Why Load Balance not work in Hessian C# client calling to hessian service?

November 9, 2011 by · Comments Off on Why Load Balance not work in Hessian C# client calling to hessian service?
Filed under: design, java, troubleshooting 

When I was migrating our application from C# to Java, our Java service moved ahead of  the client application. The client application is in C#. And we export service through Hessian service. So we call java hessian service through C# hessian client.

But we met a big problem on load balance after the new application deployed. The load is never balanced on the C# hessian client’s request. The service is invoked through F5.

After digging into the code of C# hessian, I found the cause: C# Hessian Client uses HttpWebRequest with default properties to call java hessian service, while the default HttpWebRequest’s KeepAlive property is true. That means after the C# client connected to a load balance server, it will keep on calling the same back-end service and the request from this client will not routed to other back-end service.

So the solution is to change the default KeepAlive property in file CHessianMethodCaller.cs

HttpWebRequest req = webRequest as HttpWebRequest;

req.KeepAlive = false;  // newly added line to assure load balance work

 

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Json and flexjson on exchanging abstract object data

August 7, 2011 by · 1 Comment
Filed under: java 

JSON is a lightweight text-based open standard designed for human-readable data interchange.  It is widely used in java applications as a replacement of XML. Many times we need to convert java object to json text and vice versa.

You can use Gson to convert java object to JSON format, and convert JSON into java object. And you can export your interface by JSON RPC using jsonrpc4j or json-rpc.

public class Employee
{
    private String name;
    private int salary;
    private String dateOfBirth;

    public static void main(String[] args)
    {
        Employee emp = new Employee();
        emp.setName("david");
        emp.setDateOfBirth("20080801");

        Gson gson = new Gson();
        String jsonString = gson.toJson(emp, Employee.class);
        System.out.println(jsonString);
    }
}

The output would be:

{“name”:”david”,”salary”:0,”dateOfBirth”:”20080801″}

Now you can deserialize the jsonString to an Employee object.

   Employee employee = gson.fromJson(jsonString, Employee.class);
   System.out.println(employee.getName());

The problem with Gson is that it loses the type information on serialization, and you need to provide type information explicitly on deserialization like the above example.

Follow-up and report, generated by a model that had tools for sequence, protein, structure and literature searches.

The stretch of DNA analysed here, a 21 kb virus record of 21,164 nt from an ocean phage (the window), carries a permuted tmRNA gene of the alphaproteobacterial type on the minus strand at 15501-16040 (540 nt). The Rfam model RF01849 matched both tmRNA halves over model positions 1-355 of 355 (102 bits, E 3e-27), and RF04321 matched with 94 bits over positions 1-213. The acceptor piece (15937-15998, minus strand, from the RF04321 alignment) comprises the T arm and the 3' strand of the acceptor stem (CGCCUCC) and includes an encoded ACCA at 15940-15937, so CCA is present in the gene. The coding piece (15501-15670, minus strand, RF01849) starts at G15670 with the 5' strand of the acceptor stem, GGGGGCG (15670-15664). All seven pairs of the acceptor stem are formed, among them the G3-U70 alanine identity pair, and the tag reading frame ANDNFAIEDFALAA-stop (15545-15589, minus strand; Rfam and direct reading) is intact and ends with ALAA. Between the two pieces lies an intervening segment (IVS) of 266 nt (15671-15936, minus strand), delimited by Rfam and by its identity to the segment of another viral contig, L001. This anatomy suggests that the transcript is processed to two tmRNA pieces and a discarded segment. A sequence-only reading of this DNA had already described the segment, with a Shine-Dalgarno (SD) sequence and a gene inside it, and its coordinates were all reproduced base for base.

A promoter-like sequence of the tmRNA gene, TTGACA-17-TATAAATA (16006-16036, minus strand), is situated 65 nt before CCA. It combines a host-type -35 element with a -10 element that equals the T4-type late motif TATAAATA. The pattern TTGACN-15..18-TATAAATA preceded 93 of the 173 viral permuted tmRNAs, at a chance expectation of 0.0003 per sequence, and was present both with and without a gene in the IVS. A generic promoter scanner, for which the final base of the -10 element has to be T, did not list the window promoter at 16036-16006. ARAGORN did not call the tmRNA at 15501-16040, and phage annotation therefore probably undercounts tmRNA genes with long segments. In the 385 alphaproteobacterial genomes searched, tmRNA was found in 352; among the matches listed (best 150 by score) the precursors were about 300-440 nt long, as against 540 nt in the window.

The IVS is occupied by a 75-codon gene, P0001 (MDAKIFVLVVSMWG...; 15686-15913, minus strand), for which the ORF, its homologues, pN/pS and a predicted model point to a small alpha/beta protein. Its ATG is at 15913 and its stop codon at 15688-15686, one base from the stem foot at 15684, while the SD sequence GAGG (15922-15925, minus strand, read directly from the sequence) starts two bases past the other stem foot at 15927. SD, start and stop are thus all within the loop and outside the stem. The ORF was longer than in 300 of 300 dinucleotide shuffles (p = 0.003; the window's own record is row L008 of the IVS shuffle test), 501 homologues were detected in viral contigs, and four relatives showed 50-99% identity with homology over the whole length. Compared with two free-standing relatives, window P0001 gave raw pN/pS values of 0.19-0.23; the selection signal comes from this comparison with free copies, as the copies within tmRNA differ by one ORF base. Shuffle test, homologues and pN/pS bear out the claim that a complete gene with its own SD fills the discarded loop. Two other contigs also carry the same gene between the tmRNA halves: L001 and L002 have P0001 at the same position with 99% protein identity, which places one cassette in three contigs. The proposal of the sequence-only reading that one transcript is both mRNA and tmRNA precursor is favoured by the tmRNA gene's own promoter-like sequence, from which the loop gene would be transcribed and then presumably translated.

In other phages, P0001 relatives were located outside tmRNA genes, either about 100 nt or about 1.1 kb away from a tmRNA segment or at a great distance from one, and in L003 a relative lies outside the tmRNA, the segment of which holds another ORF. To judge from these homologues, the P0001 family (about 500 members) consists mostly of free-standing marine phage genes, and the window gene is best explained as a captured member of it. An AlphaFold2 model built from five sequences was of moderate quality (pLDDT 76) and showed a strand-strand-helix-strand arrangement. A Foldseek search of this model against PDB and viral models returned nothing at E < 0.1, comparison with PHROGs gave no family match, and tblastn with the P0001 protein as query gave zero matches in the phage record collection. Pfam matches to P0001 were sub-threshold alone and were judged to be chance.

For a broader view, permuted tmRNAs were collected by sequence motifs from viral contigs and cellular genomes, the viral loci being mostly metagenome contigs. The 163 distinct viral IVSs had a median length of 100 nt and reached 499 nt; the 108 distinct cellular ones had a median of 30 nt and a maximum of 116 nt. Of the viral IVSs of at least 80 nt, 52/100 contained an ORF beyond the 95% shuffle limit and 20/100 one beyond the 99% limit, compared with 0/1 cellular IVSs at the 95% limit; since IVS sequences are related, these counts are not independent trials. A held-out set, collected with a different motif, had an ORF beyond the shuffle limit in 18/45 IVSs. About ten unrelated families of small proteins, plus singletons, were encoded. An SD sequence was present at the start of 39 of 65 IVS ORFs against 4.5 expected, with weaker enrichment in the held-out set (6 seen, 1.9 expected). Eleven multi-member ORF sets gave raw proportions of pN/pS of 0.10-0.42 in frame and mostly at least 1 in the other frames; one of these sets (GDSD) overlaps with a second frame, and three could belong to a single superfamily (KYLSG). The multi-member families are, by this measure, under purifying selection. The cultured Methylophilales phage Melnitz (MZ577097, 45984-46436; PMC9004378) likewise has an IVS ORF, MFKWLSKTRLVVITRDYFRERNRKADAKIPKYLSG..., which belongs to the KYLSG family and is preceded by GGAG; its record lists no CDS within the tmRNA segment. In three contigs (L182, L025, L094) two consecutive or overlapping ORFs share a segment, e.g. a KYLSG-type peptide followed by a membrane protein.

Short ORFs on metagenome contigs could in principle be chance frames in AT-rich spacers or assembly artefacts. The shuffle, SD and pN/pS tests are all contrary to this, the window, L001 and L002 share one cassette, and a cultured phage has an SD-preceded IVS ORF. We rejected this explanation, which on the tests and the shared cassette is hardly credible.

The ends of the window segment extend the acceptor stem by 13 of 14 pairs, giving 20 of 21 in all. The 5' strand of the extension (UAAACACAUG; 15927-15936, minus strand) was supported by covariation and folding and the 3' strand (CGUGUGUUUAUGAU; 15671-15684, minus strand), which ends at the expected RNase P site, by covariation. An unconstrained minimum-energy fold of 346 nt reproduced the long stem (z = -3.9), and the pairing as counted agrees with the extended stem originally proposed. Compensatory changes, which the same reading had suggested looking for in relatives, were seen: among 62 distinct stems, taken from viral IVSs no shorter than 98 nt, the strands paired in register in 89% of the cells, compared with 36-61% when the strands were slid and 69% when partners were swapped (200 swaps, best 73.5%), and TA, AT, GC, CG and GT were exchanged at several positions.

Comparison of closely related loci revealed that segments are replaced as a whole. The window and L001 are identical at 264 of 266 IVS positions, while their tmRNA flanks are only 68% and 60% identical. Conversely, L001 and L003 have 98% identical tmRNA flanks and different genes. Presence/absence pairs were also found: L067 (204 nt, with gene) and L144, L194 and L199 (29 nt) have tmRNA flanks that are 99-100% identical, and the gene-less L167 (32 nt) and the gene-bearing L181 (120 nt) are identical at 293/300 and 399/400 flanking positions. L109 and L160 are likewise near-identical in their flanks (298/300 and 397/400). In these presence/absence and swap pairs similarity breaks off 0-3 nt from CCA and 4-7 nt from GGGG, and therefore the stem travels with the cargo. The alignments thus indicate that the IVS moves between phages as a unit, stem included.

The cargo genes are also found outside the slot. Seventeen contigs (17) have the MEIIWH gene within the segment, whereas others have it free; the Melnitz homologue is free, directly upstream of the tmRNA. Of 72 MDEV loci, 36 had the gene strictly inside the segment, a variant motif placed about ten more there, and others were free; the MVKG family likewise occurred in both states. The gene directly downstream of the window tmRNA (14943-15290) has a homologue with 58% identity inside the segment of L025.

How to serialize and deserialize with automatic type recognization?

Flex Json is the answer. FlexJson would add a “class” attribute in the serialized json string to represent the full qualified class name. Thus you can exchange interface/abstract object by json format. Here’s an example.

        JSONSerializer serializer = new JSONSerializer();
        String empString = serializer.serialize(emp);
        System.out.println(empString);

        JSONDeserializer<Object> deserializer = new JSONDeserializer<Object>();

        Employee eee = (Employee) deserializer.deserialize(empString);
        //System.out.println(eee);

The output would be like this:

{“class“:”com.beyondlinux.demo.bean.Employee”,”dateOfBirth”:”20080801″,”name”:”david”,”salary”:0}

Reference List:

http://en.wikipedia.org/wiki/JSON-RPC

http://code.google.com/p/jsonrpc4j/

http://code.google.com/p/json-rpc/

http://flexjson.sourceforge.net/

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3 steps to dynamically compile, instantiate and run a Java class

July 20, 2011 by · 2 Comments
Filed under: java 

The background:  sometimes we need to compile dynamic source code, and run the code.  Some common situation includes on a program contest evaluation system, on a dynamic business logic control,  on evaluation of dynamic math expression, or even on evaluation of dynamic expression on test case.

Here’s 3 steps to implement compilation, instantiation and running of dynamic java source code.  It is the hard way,  the most original and elastic way; cause you can add any logic in the generation of your dynamic source code.

1. Construct an in-memory java source file from your dynamic code.

You need to override SimpleJavaFileObject, and take a string content as and In memory java source file.

2.Compile your files by JavaCompiler

You need to compile by JavaCompiler which could be got by ToolProvider.getSystemJavaCompiler(). Then get a task of JavaCompiler.CompilationTask. And call the task to execute compilation.

3.Load your class by URLClassLoader

Load your class by URLClassLoader from classes output folder, then instantiate a instance from the class, and finally call method of the class from the instance by reflection.

Here’s a complete working code (tested on JDK 1.6):

import java.io.File;
import java.io.IOException;
import java.lang.reflect.Method;
import java.net.MalformedURLException;
import java.net.URI;
import java.net.URL;
import java.net.URLClassLoader;
import java.util.Arrays;
import java.util.Locale;

import javax.tools.Diagnostic;
import javax.tools.DiagnosticListener;
import javax.tools.JavaCompiler;
import javax.tools.JavaFileObject;
import javax.tools.SimpleJavaFileObject;
import javax.tools.StandardJavaFileManager;
import javax.tools.ToolProvider;

/**
 * Dynamic java class compiler and executer  <br>
 * Demonstrate how to compile dynamic java source code, <br>
 * instantiate instance of the class, and finally call method of the class <br>
 *
 * http://www.beyondlinux.com
 *
 * @author david 2011/07
 *
 */
public class DynamicCompiler
{
    /** where shall the compiled class be saved to (should exist already) */
    private static String classOutputFolder = "/classes/demo";

    public static class MyDiagnosticListener implements DiagnosticListener<JavaFileObject>
    {
        public void report(Diagnostic<? extends JavaFileObject> diagnostic)
        {

            System.out.println("Line Number->" + diagnostic.getLineNumber());
            System.out.println("code->" + diagnostic.getCode());
            System.out.println("Message->"
                               + diagnostic.getMessage(Locale.ENGLISH));
            System.out.println("Source->" + diagnostic.getSource());
            System.out.println(" ");
        }
    }

    /** java File Object represents an in-memory java source file <br>
     * so there is no need to put the source file on hard disk  **/
    public static class InMemoryJavaFileObject extends SimpleJavaFileObject
    {
        private String contents = null;

        public InMemoryJavaFileObject(String className, String contents) throws Exception
        {
            super(URI.create("string:///" + className.replace('.', '/')
                             + Kind.SOURCE.extension), Kind.SOURCE);
            this.contents = contents;